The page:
Last week citizens of Great Britain voted whether or not to remain a part of the European Union. The EU began its formation after World War II as a way to prevent events that caused world wars that informed much of the 20th Century. It found its roots in 1950 but most people point to 1993 when the “Single Market” was completed with the free movement of goods, services, people and money. Most countries adopted a common currency (the “euro“) and you didn’t need a passport to travel between countries in the EU.
Implementing these reforms hasn’t always been easy, but like the blending of any family, its members attempted to reach for the common good and recognized that each of them did better when they all did better.
But an undercurrent of opposition has always found its place among conservatives who felt individual countries traded away some of its sovereignty. They also felt it opened them up to unfair burdens imposed by immigrants.
Conservative Prime Minister David Cameron supported membership in the EU. But facing opposition from his own party he promised, in January 2013, that he would call a referendum to leave the EU sometime before the end of 2017. This past February 22nd he announced June 23rd as the date of the referendum.
Smart money and bookies never thought the referendum would call for Britain to leave the EU. But it did, by a margin of 52% to 48%.
This led to great consternation and concern over the last few days. Virtually every economist believes that this will be economically devastating to Britain, and to a lesser extent Europe and the world (including the United States). There’s wisdom to this: limiting trade and immigration has historically devastated nations (history nerds like me point to the Smoot Hawley Act of 1930).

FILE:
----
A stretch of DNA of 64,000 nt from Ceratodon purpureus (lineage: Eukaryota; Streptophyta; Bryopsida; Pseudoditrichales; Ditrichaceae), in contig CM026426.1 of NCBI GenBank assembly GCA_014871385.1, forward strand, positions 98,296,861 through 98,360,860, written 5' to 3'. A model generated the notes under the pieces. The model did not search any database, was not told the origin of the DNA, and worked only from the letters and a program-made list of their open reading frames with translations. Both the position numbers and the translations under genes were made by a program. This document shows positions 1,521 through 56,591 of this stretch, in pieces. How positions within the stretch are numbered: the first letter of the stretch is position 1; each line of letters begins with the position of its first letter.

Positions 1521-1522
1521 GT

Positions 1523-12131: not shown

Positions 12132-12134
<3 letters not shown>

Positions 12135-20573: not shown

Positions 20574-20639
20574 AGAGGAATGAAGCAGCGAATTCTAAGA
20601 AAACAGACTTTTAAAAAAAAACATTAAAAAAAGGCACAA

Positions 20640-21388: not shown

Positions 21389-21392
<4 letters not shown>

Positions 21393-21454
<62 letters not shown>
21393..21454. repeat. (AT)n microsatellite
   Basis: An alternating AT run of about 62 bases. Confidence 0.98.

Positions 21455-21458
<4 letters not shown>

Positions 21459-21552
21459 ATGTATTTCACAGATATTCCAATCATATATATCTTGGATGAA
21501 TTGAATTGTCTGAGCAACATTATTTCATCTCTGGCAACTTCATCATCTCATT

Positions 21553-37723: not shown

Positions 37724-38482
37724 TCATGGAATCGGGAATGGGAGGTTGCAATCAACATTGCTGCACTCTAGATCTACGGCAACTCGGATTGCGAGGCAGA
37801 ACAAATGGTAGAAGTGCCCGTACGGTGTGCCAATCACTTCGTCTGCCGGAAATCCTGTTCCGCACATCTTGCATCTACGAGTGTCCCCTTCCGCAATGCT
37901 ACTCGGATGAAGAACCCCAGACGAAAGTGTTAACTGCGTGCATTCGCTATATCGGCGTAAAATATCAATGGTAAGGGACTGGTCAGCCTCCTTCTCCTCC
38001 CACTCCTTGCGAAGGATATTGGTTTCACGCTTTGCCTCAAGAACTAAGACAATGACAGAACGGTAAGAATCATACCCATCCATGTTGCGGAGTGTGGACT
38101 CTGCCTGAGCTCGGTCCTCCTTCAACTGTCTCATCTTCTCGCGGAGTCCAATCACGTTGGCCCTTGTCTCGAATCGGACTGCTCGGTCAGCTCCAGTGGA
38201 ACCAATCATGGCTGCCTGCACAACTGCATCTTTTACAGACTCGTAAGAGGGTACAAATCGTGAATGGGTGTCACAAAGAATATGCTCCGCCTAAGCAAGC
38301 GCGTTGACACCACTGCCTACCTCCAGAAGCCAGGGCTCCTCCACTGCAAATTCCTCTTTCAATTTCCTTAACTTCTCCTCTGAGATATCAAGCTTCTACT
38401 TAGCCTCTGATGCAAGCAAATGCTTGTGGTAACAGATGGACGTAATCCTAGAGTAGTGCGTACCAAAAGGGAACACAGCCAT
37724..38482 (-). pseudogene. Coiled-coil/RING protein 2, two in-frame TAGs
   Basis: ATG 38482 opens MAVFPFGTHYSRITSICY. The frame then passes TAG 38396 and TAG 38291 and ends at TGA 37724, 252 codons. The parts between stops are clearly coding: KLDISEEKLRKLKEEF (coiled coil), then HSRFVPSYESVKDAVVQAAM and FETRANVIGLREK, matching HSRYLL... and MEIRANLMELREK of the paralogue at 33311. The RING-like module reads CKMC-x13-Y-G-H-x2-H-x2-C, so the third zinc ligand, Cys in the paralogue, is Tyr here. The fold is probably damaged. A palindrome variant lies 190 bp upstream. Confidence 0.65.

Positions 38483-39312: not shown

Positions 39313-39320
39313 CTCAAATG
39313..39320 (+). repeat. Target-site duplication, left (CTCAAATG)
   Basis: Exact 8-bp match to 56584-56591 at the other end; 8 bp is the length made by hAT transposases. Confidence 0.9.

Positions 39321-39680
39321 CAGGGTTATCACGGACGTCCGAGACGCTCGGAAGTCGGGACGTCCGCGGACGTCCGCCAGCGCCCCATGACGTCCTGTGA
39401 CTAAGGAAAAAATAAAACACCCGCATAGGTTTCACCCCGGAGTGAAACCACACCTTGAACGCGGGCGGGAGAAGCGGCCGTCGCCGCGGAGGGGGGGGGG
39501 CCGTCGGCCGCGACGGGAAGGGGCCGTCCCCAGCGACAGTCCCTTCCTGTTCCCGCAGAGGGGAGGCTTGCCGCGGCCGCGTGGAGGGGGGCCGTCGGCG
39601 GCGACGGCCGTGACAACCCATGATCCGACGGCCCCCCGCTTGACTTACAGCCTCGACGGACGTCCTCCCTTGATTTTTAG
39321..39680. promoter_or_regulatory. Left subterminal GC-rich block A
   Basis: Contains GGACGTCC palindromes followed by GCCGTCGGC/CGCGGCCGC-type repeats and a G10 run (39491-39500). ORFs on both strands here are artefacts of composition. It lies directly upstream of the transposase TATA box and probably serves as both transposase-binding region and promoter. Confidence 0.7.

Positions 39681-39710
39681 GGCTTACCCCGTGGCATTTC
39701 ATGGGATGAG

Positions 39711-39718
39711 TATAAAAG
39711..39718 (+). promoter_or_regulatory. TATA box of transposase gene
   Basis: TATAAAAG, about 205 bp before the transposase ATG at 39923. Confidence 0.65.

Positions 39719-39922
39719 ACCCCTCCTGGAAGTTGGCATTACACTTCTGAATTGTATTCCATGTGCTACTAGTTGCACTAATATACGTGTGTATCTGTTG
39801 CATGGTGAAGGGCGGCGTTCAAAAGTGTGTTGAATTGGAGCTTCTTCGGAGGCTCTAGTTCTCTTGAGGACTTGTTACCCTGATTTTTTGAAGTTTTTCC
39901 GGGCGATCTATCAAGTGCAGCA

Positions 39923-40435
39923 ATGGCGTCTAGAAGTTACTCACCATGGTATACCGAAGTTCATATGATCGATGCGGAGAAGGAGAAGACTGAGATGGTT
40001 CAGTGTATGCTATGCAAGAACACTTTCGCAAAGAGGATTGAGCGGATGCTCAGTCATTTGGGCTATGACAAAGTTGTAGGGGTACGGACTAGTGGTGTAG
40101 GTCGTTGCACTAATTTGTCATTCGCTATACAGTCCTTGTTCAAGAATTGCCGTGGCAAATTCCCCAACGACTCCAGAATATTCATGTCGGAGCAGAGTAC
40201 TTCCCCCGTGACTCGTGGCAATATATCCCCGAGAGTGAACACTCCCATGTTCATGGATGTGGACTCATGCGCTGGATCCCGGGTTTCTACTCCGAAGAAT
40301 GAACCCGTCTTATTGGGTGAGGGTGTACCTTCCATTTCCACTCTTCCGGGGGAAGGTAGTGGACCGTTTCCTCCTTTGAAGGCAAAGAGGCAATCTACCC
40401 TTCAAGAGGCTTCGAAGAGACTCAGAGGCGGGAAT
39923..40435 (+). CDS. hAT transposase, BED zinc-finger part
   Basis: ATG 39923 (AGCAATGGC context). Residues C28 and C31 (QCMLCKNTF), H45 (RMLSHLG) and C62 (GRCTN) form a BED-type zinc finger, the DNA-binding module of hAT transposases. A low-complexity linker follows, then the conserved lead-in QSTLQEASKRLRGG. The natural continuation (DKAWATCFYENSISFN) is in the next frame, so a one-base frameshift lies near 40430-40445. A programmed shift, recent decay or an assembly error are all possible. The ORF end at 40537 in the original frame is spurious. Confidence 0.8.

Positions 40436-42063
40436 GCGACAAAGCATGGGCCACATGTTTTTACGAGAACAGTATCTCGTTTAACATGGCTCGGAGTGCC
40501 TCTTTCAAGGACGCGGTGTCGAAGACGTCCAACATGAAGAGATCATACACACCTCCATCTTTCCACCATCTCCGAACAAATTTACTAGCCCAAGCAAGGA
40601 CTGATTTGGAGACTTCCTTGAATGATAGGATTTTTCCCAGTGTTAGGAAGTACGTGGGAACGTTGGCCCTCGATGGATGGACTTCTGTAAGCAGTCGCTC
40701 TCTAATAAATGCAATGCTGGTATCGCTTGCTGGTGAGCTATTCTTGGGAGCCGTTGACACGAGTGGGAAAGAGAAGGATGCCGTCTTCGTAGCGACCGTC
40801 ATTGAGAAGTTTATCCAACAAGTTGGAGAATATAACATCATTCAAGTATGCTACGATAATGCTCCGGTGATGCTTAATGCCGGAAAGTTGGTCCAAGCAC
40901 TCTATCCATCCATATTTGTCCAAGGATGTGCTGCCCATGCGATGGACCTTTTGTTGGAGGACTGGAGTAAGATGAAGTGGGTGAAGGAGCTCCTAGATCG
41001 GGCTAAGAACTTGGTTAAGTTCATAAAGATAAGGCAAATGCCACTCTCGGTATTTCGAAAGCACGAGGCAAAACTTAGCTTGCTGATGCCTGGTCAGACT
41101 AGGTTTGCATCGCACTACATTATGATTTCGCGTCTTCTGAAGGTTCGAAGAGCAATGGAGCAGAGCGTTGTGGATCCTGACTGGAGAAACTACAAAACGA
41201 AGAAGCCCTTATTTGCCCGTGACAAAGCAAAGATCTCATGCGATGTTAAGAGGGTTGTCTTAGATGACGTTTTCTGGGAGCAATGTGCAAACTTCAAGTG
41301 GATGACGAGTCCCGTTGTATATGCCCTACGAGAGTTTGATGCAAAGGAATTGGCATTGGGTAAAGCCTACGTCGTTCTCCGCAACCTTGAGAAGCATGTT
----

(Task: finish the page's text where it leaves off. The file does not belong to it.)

Panicked reaction to Brexit comes not only from those who voted against it, but also from those who voted for it thinking it wouldn’t pass. Simply put, they used their vote to send a message. Using an old, anonymous quote: If you want to send a message, use Western Union.
There is reason to believe that thousands of Britains voted to leave the EU not because they wanted to leave the EU but because they wanted to express their nostalgia for the 1800s when “the sun never sets on the British Empire.”
Now they recognize that their votes have backfired. As an American, what do I take from this?
Well, it’s worth noting that we’re in the middle of a Presidential election.
Hilary Clinton believes Britain should have voted to stay in the EU. She feels that Britain, and the rest of us, would have done better if they had remained. On the other hand Donald Trump claimed that the vote was good because it benefits him.
The same economists who fear Great Britain leaving the EU also fear Donald Trump. Nearly half of US voters tell us they will vote for Donald out of anger at “the establishment.” But many of them will vote for him not because they want him to lead our nation but because they want to send a message that they don’t feel their needs are being met.
OK, I get it. Many voters feel that the “American Dream” is gamed toward the wealthy and we need a revolution to even the playing field. But much like the vote to leave the EU, a vote for Donald Trump will make everyone’s lives worse, not better. Xenophobia and protectionism hurts everyone, but it mainly hurts those without a safety net. It hurts the waitress when her customers can no longer afford to go to breakfast after church. It hurts the local police officer, firefighter, or teacher whose salary depends on property taxes that fall of the cliff when property values plummet. And it hurts people who are depending on their 401(k)’s for a secure retirement.
This is my call to American voters: use your vote to decide who will best lead us for the next four years. If you want to express your displeasure over today and/or your nostalgia from a time when your life was better, send a telegram.